Koror, Palau – Palau’s incumbent Vice President Raynold Oilouch has officially declared to run for presidential post in the 2020 elections, becoming the third politician to do so.
Vice President Oilouch first broke the news publicly in a local radio program on Monday, October 28, expressing that he wanted to continue the foundation laid by the current administration and improve from there.
“The new government should not make a new foundation to work on, but instead look for opportunities to take care of the foundation that is already built now,” Vice President Oilouch said during his announcement.
He added that he chose yesterday to declare because it was a new moon and under Palau’s customs, the new moon is a very important day especially when one wants to embark on something big.
“As a Palauan, I believe strongly in our customs and traditions and so under our tradition, the new moon is a very important day because that is the start of the moon getting bigger and bigger,” he explained.
The Vice President said that there are a lot good projects that are currently going-on under the current administration, such as the housing project and the marine sanctuary, that he wanted to continue should he be given the opportunity to lead the country.
He, however, reiterated that he wanted to do more by incorporating new ideas which he said are “a little different.”
When asked if he gets the endorsement of the current president, the Vice President said that he hopes that he will get his support, adding that President Tommy Remengesau, Jr. is aware of his plan to run for the highest government post.
“The president and I had been working well together. I believe we worked well together. He can trust me. He puts his trust in me during our years together as President and Vice President,” Oilouch said.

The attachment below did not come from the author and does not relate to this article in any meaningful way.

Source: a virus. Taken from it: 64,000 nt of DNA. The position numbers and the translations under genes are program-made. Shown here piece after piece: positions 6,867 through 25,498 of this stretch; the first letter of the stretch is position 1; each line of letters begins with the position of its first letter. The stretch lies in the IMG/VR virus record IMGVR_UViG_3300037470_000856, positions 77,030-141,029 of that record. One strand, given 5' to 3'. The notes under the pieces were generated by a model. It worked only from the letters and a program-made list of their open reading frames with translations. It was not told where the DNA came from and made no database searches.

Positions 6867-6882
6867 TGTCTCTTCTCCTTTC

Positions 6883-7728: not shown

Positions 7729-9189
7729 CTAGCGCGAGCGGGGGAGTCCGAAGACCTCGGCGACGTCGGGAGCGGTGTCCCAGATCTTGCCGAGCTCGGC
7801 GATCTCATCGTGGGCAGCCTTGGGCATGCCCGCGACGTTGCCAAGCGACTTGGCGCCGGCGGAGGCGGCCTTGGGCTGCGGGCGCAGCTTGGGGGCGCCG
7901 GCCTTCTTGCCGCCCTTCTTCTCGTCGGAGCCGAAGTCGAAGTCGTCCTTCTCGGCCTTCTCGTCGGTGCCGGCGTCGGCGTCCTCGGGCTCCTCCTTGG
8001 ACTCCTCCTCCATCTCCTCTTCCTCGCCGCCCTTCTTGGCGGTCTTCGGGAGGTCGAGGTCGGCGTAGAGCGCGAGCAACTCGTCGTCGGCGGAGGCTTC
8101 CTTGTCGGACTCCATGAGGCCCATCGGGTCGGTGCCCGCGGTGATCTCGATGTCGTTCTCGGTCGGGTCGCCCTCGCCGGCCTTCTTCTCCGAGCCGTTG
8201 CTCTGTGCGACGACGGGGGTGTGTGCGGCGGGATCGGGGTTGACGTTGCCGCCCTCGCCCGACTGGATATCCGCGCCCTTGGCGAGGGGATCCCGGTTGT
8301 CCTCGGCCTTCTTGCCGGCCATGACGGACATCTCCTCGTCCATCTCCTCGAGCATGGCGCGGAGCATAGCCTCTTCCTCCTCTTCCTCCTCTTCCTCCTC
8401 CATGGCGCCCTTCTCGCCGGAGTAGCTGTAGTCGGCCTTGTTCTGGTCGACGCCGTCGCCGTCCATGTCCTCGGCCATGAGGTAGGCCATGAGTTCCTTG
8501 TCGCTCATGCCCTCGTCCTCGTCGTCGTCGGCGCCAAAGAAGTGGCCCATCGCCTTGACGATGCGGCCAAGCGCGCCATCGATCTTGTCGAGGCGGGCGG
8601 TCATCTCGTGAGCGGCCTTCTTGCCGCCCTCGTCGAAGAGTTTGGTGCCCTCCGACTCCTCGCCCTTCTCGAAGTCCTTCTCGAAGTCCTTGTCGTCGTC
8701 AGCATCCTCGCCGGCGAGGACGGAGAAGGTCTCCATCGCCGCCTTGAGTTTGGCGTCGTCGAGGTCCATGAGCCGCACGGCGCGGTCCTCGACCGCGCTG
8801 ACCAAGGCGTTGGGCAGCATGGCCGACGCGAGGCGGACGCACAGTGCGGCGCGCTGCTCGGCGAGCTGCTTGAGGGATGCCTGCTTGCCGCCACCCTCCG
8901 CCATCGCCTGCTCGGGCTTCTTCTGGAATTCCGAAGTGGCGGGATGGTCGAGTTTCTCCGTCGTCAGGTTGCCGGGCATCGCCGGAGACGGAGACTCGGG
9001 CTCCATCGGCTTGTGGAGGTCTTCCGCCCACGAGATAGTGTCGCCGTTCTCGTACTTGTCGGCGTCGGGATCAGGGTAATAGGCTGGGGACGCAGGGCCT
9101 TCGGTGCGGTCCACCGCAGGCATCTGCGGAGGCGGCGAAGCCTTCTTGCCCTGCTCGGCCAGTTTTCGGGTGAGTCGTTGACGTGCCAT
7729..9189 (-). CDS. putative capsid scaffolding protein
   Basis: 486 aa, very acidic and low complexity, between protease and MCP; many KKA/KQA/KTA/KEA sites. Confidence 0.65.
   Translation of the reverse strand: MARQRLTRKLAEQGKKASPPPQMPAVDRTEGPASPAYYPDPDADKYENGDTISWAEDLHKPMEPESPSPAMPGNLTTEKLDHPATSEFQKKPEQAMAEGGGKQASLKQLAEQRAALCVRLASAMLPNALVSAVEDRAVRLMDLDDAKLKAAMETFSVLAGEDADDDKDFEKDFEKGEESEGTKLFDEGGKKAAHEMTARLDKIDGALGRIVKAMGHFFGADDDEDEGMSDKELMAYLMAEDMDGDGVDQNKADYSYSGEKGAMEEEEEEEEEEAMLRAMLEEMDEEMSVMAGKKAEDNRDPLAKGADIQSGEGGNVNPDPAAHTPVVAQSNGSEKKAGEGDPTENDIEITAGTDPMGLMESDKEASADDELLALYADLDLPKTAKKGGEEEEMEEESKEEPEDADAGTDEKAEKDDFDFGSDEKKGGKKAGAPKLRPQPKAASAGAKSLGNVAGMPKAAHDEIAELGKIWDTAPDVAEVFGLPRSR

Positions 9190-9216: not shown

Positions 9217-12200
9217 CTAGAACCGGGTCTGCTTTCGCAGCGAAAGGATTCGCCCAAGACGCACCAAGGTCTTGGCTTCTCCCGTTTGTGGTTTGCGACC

On China and Taiwan relations
When also asked about his stance on the trend of new administrations switching ties from Taiwan to China, the Vice President said that it is always better to listen to the voice of the people.
He emphasized that it is very important to understand Palau whom he described as “very slow to make up its mind on many things” but that once it made up its mind, it is always “firm, loyal, and hard to change.”
“That’s what I see of Palau but having said that, I am not going to the office on my own. If I get lucky, it’s the people to put me into position so I have to listen to the people. If they think that this is a route that we have to take, then it’s the route that we have to take,” he said.
He, however, said that Palau should have no enemy and if he is given the opportunity to lead the country, he would like to improve its relationship with China.
“If I am lucky enough to get the position, I want to do my utmost best to improve Palau’s relations with Mainland China because I know and acknowledge that China in the second largest economy in the world and the way I see it, Palau needs to be a good friend of China as well and mutually benefit from each other,” he said.
He also considers his current experience with the government as a leverage when it comes to the current regional and international issues that affect Palau.
Oilouch said that his decision to run for the highest government post came only after some time when he was serving as the Vice President and Justice Minister after some people encouraged him to do it.
“I’m asking for your belief, good fortunes, prayers, and help from everyone in this election. And that we continue to be one and be peaceful. This is not the end because I will come back again to talk about the programs that I want to start in detail,” the Vice President said during his announcement on a radio program.
The Vice President was elected to the post during the national elections in 2016. Prior to his stint as Vice President, he served as a Senator for two terms during the 8th and 9th Olbiil Era Kelulau (OEK). He was also a lawyer under the Micronesian Legal Service for over five years and had later became a private practitioner for more than 10 years.
Vice President Oilouch will be one of the contenders for the presidential post in the upcoming 202O elections along with former President Johnson Toribiong and businessman Alan Seid who declared their presidential bids ahead of him this year.
Under Palau’s laws, an individual seeking presidential candidacy must acquire at least 100 signatures from voters to make their candidacy official. (Rhealyn C. Pojas)